Most tellings of the experiment where alpha particles were fired at a thin gold foil point out the following:
- atomic model being tested was the plum pudding model: negatively charged particles (electrons) embedded in a diffuse volume of counteracting positive charge
- because the positive charge is diffuse in the gold foil, the massive positively charged alpha particle should tear right through it with minimal deflection
- while almost all alpha particles passed through, a small minority were deflected strongly, some even knocked backward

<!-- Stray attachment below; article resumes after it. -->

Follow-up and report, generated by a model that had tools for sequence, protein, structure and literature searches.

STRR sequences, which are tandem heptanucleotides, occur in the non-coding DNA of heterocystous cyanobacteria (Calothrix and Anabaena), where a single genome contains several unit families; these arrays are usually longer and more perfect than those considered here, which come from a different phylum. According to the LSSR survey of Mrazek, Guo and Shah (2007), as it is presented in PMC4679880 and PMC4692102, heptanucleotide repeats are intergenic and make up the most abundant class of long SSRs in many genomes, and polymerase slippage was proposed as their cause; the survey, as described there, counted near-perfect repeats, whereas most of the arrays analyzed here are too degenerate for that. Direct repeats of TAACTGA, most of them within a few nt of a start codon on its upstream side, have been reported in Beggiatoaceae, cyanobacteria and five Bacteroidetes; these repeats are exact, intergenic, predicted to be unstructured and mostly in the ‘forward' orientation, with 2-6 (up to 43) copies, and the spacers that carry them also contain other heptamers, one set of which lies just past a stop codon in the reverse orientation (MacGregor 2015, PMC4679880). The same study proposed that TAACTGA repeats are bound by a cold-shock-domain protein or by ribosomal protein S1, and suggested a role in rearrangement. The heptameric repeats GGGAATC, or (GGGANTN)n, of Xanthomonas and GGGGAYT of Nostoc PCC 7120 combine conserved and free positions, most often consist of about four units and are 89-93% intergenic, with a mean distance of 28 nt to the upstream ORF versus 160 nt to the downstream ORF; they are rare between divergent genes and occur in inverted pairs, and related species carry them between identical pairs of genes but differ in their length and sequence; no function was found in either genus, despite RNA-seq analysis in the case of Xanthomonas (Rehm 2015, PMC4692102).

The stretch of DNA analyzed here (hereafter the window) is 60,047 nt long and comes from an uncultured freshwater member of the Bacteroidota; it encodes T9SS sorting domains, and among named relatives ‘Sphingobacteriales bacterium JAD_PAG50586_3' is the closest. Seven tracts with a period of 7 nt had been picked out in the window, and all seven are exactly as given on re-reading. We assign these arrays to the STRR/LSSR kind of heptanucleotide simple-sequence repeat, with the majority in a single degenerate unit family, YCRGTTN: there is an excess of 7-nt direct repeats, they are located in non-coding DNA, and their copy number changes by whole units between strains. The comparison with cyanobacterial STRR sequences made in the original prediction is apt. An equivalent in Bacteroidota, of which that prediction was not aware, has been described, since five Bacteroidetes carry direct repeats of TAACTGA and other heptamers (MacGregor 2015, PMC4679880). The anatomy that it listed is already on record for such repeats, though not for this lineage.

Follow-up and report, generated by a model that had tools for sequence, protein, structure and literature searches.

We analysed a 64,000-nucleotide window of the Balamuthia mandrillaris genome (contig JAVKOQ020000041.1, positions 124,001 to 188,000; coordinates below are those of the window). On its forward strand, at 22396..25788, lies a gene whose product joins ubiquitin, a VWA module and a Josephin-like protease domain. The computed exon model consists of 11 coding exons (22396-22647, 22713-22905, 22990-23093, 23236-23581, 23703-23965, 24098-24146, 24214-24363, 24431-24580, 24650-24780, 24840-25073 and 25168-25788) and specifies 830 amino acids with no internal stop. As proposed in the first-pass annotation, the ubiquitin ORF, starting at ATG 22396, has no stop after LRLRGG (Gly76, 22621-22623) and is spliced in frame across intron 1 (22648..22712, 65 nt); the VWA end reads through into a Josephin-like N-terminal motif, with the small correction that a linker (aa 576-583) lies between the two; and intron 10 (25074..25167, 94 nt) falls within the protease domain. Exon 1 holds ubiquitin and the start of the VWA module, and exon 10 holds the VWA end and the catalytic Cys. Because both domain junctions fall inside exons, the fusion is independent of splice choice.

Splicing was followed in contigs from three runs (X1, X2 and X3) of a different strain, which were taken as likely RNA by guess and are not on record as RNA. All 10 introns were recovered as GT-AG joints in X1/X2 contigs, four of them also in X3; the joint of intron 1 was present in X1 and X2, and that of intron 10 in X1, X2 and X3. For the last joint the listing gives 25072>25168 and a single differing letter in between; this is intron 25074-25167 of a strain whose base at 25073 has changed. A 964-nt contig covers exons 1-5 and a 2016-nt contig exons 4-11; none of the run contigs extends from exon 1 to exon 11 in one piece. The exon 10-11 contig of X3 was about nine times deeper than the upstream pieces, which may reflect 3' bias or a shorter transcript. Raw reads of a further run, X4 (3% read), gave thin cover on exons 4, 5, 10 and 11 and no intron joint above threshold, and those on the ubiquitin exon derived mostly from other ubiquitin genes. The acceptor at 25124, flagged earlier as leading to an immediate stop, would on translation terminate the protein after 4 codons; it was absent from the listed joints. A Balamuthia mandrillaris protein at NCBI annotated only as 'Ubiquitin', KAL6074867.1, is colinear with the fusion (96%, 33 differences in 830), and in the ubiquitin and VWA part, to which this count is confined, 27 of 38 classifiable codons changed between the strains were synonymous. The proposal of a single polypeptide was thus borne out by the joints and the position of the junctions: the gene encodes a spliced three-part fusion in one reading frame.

- this result was better explained by positive charge being concentrated in a small volumes separated by empty space
But thinking about it more, this seems like an oversimplification. For one, there's the implication that the alpha particle itself is dense, and some tellings even quote Rutherford's analogy of an artillery shell being fired at tissue paper and occasionally bouncing back. However, if the plum-pudding model were applied to the positively charged alpha particle, then the positive charge would be spread in a diffuse volume. Using the analogy, it'd be firing tissue paper at tissue paper. In that case, why DIDN'T they expect particles to be deflected?